[an error occurred while processing this directive]
BBC News
watch One-Minute World News
Languages
Last Updated: Wednesday, 8 March 2006, 12:28 GMT
Eyewitness: 'Scene of destruction'
Scene at the main waiting room
Serena Bowles photographed the scene shortly after the blast
Fourteen people died in two bomb blasts on Tuesday in the Indian holy city of Varanasi, officials have confirmed.

The BBC News website spoke to British photographer Serena Bowles, who was in the city's Cantonment railway station when one of the bombs exploded in the main waiting area.


It was around 1815 local time (1245 GMT). I was in the ladies' waiting room on platform five waiting for a connecting train that had been delayed.

There was a loud bang which rattled the windows of the room I was in.

When I first heard the explosion, my immediate thought was that it was a bomb. But the Indian woman next to me laughed and assured me that it had only been thunder.

Not convinced, I went onto the platform, but there I found nothing more than the usual chaos of an Indian railway station. Nobody seemed unduly worried.

Later I was joined by a Belgian lady waiting for the same train. She went to check on the train time but when she returned, she was very pale.

She had been directed to the main waiting area by an official. There she found a large crowd of people and was confronted with a scene of destruction. There was blood on the floor and victims were receiving medical care.

She was told that a bomb had exploded and that many people had died.

'Pools of blood'

Empty railway station after the blast
The blast occurred in the main waiting area of the railway station
The blast occurred very close to the main entrance of the train station where there is a large waiting area with seats and a tourist information counter.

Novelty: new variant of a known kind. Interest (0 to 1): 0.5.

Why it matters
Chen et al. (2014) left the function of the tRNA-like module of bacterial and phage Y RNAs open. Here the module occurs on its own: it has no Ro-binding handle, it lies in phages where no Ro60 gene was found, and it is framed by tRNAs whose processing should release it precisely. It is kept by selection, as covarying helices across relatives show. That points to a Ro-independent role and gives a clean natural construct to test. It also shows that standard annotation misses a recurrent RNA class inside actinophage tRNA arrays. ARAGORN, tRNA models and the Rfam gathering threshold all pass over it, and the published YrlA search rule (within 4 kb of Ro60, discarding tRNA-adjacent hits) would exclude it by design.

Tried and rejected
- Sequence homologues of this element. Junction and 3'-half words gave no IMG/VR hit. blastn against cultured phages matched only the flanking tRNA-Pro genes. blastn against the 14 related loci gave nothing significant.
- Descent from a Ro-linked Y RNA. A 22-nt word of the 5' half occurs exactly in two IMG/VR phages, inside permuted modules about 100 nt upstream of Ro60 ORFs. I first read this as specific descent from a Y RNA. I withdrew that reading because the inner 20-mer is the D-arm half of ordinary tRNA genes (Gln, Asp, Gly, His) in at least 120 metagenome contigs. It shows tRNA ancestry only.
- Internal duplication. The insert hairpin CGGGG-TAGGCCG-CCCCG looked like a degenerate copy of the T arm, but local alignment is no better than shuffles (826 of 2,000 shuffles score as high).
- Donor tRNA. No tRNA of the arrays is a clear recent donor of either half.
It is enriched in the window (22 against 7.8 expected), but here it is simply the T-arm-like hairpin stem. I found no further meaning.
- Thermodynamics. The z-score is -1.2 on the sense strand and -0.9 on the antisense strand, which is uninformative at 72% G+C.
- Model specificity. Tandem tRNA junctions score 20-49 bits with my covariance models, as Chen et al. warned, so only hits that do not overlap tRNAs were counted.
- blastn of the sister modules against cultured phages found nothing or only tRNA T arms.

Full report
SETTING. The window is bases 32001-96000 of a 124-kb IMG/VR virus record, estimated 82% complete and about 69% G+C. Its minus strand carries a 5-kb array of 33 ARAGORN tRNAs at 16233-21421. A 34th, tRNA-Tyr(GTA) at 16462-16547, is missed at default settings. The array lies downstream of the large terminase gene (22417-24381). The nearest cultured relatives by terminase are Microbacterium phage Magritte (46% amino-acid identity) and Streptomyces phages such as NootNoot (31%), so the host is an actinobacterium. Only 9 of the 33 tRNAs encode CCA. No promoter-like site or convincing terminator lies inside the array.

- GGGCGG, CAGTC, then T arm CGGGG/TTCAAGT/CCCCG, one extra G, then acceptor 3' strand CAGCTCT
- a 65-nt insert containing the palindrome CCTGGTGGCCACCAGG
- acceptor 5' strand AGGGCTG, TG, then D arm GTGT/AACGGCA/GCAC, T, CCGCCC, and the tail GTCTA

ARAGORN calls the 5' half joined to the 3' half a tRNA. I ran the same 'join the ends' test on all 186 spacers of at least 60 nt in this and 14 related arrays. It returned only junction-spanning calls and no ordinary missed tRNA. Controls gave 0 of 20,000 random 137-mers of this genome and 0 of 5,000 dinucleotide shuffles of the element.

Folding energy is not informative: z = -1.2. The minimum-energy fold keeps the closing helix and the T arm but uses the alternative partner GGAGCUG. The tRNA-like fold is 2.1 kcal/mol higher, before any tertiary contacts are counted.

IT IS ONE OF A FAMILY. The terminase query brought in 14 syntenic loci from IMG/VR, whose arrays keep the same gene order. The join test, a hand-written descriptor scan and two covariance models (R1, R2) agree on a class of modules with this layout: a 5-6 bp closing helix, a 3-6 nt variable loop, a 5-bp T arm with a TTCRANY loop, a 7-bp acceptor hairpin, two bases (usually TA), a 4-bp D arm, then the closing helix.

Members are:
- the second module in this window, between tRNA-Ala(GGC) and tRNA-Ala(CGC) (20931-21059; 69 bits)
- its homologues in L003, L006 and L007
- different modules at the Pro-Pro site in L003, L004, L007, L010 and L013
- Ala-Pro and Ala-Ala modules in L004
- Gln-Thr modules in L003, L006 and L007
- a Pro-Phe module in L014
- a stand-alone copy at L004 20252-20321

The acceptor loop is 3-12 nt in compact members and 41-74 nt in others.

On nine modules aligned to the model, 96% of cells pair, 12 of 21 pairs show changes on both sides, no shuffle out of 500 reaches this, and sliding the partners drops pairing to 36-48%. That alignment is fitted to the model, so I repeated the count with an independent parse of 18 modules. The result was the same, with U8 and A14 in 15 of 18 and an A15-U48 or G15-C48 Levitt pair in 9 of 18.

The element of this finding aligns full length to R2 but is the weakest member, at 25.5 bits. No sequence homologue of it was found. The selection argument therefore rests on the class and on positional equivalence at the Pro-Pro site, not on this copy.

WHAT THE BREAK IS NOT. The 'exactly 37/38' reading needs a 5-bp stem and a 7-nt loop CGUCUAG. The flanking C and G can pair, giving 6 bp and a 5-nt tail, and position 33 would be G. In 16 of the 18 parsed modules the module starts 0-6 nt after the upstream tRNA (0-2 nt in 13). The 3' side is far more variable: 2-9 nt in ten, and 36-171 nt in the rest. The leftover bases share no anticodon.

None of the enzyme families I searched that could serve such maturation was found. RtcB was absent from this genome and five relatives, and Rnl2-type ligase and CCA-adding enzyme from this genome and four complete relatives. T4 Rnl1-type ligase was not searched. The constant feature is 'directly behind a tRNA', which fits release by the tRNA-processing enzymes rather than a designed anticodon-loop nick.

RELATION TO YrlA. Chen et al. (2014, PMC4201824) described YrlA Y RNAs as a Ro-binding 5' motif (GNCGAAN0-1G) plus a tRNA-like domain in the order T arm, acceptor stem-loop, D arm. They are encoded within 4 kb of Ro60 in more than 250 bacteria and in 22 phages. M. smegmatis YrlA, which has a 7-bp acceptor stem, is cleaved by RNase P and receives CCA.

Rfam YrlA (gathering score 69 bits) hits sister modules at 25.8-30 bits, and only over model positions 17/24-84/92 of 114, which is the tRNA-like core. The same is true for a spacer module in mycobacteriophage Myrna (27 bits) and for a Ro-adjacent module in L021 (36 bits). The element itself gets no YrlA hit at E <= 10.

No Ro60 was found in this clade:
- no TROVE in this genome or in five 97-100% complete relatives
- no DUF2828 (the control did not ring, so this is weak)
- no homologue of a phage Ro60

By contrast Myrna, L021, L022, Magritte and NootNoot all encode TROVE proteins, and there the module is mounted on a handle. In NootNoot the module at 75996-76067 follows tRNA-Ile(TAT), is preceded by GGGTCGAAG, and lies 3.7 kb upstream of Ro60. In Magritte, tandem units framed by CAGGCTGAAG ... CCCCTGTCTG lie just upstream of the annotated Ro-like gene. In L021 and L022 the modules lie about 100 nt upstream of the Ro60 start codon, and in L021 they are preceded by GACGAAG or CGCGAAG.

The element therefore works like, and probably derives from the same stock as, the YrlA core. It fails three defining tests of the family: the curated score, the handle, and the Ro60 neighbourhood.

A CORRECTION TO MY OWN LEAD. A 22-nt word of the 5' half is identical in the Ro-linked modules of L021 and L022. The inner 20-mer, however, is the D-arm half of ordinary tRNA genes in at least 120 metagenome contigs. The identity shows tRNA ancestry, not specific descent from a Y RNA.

The crater was right in front of this counter and the sign, "assistance for foreign tourists" had been blown to the floor. There was blood all around.

I surveyed the damage from the balcony surrounding the waiting area, and was surprised to see that the scene was not cordoned off. Police and bystanders were milling around the hall, walking close to the smears of still-wet blood.

A crater approximately two foot in diameter and one foot deep had been surrounded by a circle of bricks, and appeared to be the spot where the bomb had gone off.

All the windows overlooking the large room had been blown out, and the floor was littered with broken glass. Several pools of blood lay on the floor, with personal possessions scattered around.

'No commotion'

People react differently here to how they would in the UK. There was no panic. Trains were still coming and going. People were curious and many were wandering around the scene.

I was very shaken. Something so dramatic happened so close to me. I was not just in the same town as the bomb blast, I was at the very station where it happened.

I was quite upset when I saw all the blood around. I feel fortunate but so sad that something like this has happened.



RELATED BBC LINKS:

RELATED INTERNET LINKS:
The BBC is not responsible for the content of external internet sites


PRODUCTS AND SERVICES

Americas Africa Europe Middle East South Asia Asia Pacific